2nd August 2017. By Ryan Baldi.
When James Rodriguez joined Real Madrid in the summer of 2014, he seemed to have the football world at his feet.

Fresh off the back of a stellar World Cup campaign, carrying Colombia to the quarter-finals and finishing as the tournament's top scorer along the way, his £63 million move to the Bernabeu appeared to crown him as the new prince of European football; Lionel Messi and new team-mate Cristiano Ronaldo still contested the throne, but Rodriguez was surely the heir apparent.

But three years on, the 26-year-old's Real Madrid tenure cannot be looked back on as a success. Early promise soon faded to the point where, for the final 18 months of his three-year stay in the Spanish capital, he more regularly occupied a place on the substitutes' bench rather than on the pitch.

Indeed, for the 2017 Champions League final, Rodriguez was not even selected in manager Zinedine Zidane's matchday squad, taking no part in Los Blancos' historic 3-1 destruction of Juventus.

His omission from the final selection in Cardiff was a sure sign that he was no longer wanted in Madrid, and speculation soon turned to where the former Porto and Monaco star's next move would take him.

Manchester United were reportedly keen admirers of Rodriguez, but the stories linking him to Old Trafford appeared to stem more from the player's end than the red side of Manchester. Chelsea, Inter Milan and AC Milan were all named as potential suitors too, but it was, to the surprise of many, Bayern Munich who snapped up the gifted playmaker.

The Bundesliga champions may not have had any obvious need for a player of Rodriguez's profile, but manager Carlo Ancelotti knows better than most that, if restored to peak form, the Colombian is a world class performer capable of transforming any team for the better.

It was under Ancelotti that Rodriguez produced his best displays at the Bernabeu, falling under the auspices of the Italian tactician when he first arrived in Spain. Rafa Benitez and Zidane have both tried since, but neither were able to get quite the same tune out of the Cucuta-born creator as the former Milan and Chelsea boss managed.

The fact that Rodriguez has moved to the Allianz Arena on a two-year-loan rather than in a permanent switch is perhaps evidence that Bayern harbour a few doubts over his ability to rediscover his peak form. The Bavarians have paid €10 million to take the Colombian for two seasons and have pre-agreed a final payment of €35million to keep him in the Bundesliga, should they decide that he is worth the outlay.

Despite having parted ways with Brazilian winger Diego Costa this summer, who has joined Juventus in a reported €40 million deal, Bayern remain thoroughly well stocked in the attacking department in truth, they are blessed with tremendous depth in all positions. Franck Ribery, Arjen Robben, Kingsley Coman and Thomas Muller rotate in the offensive roles in support of striker Robert Lewandowski, so Rodriguez's path to regular playing time is no clearer in Germany than it was in Madrid.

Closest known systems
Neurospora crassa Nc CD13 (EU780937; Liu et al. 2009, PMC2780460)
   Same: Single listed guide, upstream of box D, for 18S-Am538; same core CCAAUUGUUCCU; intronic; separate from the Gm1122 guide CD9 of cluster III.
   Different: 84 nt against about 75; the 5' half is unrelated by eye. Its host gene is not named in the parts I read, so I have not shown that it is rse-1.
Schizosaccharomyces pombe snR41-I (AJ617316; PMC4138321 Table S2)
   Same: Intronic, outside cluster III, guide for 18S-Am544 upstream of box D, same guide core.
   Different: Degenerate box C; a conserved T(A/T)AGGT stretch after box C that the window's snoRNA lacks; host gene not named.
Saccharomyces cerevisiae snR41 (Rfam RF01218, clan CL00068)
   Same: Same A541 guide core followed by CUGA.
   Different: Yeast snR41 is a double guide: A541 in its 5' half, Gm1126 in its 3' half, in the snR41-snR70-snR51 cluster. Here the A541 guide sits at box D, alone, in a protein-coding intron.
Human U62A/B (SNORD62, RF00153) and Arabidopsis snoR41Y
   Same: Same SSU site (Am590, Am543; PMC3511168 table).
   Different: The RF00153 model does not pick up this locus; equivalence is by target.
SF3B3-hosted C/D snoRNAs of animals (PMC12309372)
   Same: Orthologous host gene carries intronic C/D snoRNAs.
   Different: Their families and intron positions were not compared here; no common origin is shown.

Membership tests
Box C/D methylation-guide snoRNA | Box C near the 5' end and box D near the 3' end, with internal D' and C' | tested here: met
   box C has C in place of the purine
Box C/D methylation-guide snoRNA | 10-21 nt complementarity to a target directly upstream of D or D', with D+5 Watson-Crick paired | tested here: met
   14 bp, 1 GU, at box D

But Rodriguez in full fettle would be among the first names on the team sheet of any club in the world, Bayern Munich included. All that remains is for Ancelotti to restore his powers, or at least provide the ideal platform for the player to figure out how to do so himself.

In all fairness, despite fractured game time, Rodriguez remained highly effective last season, producing more-than-useful contributions when called upon by Zidane.

In 1180 minutes of La Liga action last term, he scored eight goals and provided six assists, meaning he was directly involved in a goal every 84.29 minutes on average. Rodriguez also demonstrated that his creative instincts are still razor-sharp, making a staggering 3.4 key passes per 90 minutes only Ribery (3.6) was able to better that return for Bayern in 2016/17.

Although a natural No.10, Ancelotti's preference for 4-3-3 means that Rodriguez may not get to feature in his favoured role. But his ability to play wide on the right, cutting inside onto his stronger left foot and getting forward to support the centre-forward, makes him an option out on the flanks.

That's not to say that Ancelotti is dogmatically wedded to one formation indeed, he has almost as regularly used a form of 4-2-3-1 at Bayern, which could well see Rodriguez used in the No.10 role. However, the 25-year-old was moulded into a central midfielder by the Italian with Los Blancos in a move that seemed counter-intuitive at the time but ultimately proved inspired.

Playing on the left of the midfield three, with Toni Kroos as the pivot and Luka Modric to the right, Rodriguez's ability to pick up space between the lines, vision to capitalise on openings and shooting threat from range made him one of the most effective midfielders in Europe for a spell.

The manager's dismissal at the end of the 2014/15 season, and the subsequent integration of Casemiro as a specialist defensive midfielder, meant Rodriguez was returned to his more advanced station, but the notion of utilising the Colombian in a deeper role may be one worth revisiting for Ancelotti in the new season.

After a difficult couple of years in La Liga, Rodriguez's stock has fallen and, in the eyes of many, he must now restate his credentials if he is to be considered among the world's best players.

"It's a new life, a new direction," he told the assembled press upon his move to Bavaria being confirmed. "Bayern are a big team, among the three best in the world. And as a big club you always have to fight for titles. I'm coming here to try and win them."

A new direction is exactly what Rodriguez needs at this juncture in his career. Having drifted off course over the last two years, it's time for him to remind the world why so much excitement and expectation followed his move to Madrid in the first place. There's no better club for him to do achieve that with than Bayern.